I had to wait the six months until She dumped Him for a new model before I could buy the album. Once I had come to my senses, it just didn't seem right to have Their favourite album in the house. Over the next year, the album became my favourite and started me on a voyage of discovery, of live gigs, of books and magazines, of heroes and heroines, of parking lots and screen doors, of love and honour. It is my Desert Island Disc album, the one I would save from the raging sea. As I write this, I am sitting beneath a huge lithograph of the album cover, that I paid a small fortune to have shipped over from the States.


So I suppose I have something to thank Him for.



Thursday, 18 February 2016

The stuff of legend....

David Ortiz plays baseball.

He plays baseball for the Boston Red Sox, at their historic stadium, Fenway Park, which is 104 years old this year.
David Ortiz is 40 years old. Not an exceptional age, in the long history of the game but, in the modern era, much more of a rarity.
At the end of the 2016 season, either on 2nd October, or a few days or weeks later, if the Red Sox get to the Post Season, the Play Offs, if you will, David Ortiz will retire.

And a small part of me will die.

David Ortiz signed for the Red Sox in January 2003, as a free agent. He had been released from his contract with the Minnesota Twins, at the end of the 2002 season. This decision has been compared since, with the benefit of hindsight, to Decca Records turning down The Beatles. To be fair to the Twins, Ortiz had suffered lots of injuries in his 5 years with them and, when he did play, had been largely ineffective. The Twins let it be known that he was available for trade (baseball players are effectively swapped, rather than sold) but not one team came in for him. So his contract expired and, at the age of 27, David Ortiz could have easily been an ex-baseball player.

The Boston Red Sox now signed him as a free agent, meaning that they didn't have to give up a player to The Twins in return.
And so started a 13 year adventure.

The Boston Red Sox had not won the World Series for 85 years, having won it 5 times in the first 15 years of organised baseball. This became known as The Curse. The Curse Of The Bambino.

The Bambino, Babe Ruth, the most famous player in the history of baseball, played for the Red Sox. He had carried the team to 3 World Series wins by 1918 when, to help fund a Broadway musical, he was traded, for players plus cash, to the Red Sox biggest rivals, the New York Yankees. So began The Curse. By the time Ortiz arrived, it hadn't lifted for 85 years.

The first draft of this story now had lots of facts and figures about David Ortiz's career. However, since the majority of you will not be baseball fans, they will take a lot of explanation. So I will give you just two. David Ortiz is 6ft 3" tall. He weighs between 230 and 250 pounds (16 1/2 to 17 1/2 stone), depending on which season in the last 12 you measure. He is, officially, a Big Unit. So, when he became a father, fans gave him the name by which he has become known, throughout America. 

Big Papi.

In 2004, David Ortiz lifted the Boston Red Sox up, placed the club on his back, and carried it, all the way to the World Series. The series before it, the semi-final, they were 3-0 down, in a best of 7 series, against the Yankees. They been crushed in Game 3, in front of their own fans, 19-8. What happened next has gone down in baseball folklore as, inning by inning, game by game, this rag-bag team of misfits, kids and veterans clawed, crawled and crafted their way back.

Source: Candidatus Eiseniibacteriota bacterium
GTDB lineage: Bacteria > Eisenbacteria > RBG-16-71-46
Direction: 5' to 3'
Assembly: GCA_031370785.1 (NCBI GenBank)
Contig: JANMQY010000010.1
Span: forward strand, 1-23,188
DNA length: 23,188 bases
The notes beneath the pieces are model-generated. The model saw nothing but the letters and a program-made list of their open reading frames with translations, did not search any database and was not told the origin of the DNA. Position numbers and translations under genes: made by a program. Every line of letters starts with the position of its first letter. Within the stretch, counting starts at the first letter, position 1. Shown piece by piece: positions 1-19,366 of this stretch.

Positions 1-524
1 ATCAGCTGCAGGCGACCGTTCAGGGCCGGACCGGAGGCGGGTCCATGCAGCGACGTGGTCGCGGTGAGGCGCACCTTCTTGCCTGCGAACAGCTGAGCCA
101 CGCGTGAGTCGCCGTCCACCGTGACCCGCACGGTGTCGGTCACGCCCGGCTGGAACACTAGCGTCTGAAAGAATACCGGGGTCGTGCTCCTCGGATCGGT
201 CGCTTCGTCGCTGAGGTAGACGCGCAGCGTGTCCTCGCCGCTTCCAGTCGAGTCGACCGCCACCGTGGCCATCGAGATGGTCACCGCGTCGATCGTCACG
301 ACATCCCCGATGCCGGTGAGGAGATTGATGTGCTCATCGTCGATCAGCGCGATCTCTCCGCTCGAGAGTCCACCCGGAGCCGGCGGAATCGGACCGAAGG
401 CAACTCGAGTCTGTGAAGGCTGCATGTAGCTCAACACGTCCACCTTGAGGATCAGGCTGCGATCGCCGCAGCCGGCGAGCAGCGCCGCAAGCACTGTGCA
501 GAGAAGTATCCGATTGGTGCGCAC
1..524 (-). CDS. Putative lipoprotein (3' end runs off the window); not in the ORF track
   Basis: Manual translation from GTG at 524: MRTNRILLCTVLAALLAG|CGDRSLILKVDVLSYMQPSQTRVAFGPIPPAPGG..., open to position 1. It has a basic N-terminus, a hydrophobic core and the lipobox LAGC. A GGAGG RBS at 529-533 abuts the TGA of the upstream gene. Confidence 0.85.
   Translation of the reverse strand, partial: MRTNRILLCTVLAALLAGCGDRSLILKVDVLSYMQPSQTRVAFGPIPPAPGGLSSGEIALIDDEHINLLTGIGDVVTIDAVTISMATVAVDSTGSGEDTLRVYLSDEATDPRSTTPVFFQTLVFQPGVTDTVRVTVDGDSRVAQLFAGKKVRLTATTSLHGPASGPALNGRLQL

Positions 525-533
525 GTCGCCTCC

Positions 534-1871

Did they win? Of course they won!

After that, the World Series itself seemed like destiny. They steamrollered the St Louis Cardinals 4-0. St. Louis did not lead in any game. It was about as one sided as it can get. After 86 years, the 2004 Boston Red Sox had finally lifted The Curse.

So why does David Ortiz move me? Why does this this giant, gentle, bear of a man get me more excited than almost anything else in sport? That's easy. It's because, when the chips are down, when the game is on the line, when lesser players would crumble under the pressure, this slow, loping figure walks to Home Plate, spits on his gloves, claps them together, shuffles his feet in the dirt, points his bat at the Pitcher...and relaxes. I have stood at Fenway Park when this happens. When the crowd are loud, on their feet and yelling. And he delivers. So, so many times, he delivers. When he hits a Home Run, one of those huge ones, into right-field (he's left handed) and it sails over the Red Sox bullpen, into the's the sound. Not the roar of the crowd. No, the split second before that roar, comes the sound of the ball, off his bat. It's a crack, a beautiful, wonderful, CRACK! A sound that echoes back, through the years, back to Ted Williams in the fifties, all the way back to the Babe himself.

On 2nd October 2016, on what could well be the last time Big Papi ever pulls on the Red Sox uniform, my wife and I will be standing at Fenway, once more. I will give thanks that I am there again, in my favourite sporting venue, to witness my beloved Red Sox. I will give thanks that, in the past 13 years, David Ortiz has carried them to not one, not two but three World Series wins. And I will give thanks that I got to witness Big Papi wield a baseball bat, one last time. My voice will roar, my heart will race and my spirit will lift up to the heavens.

And a small part of me will die.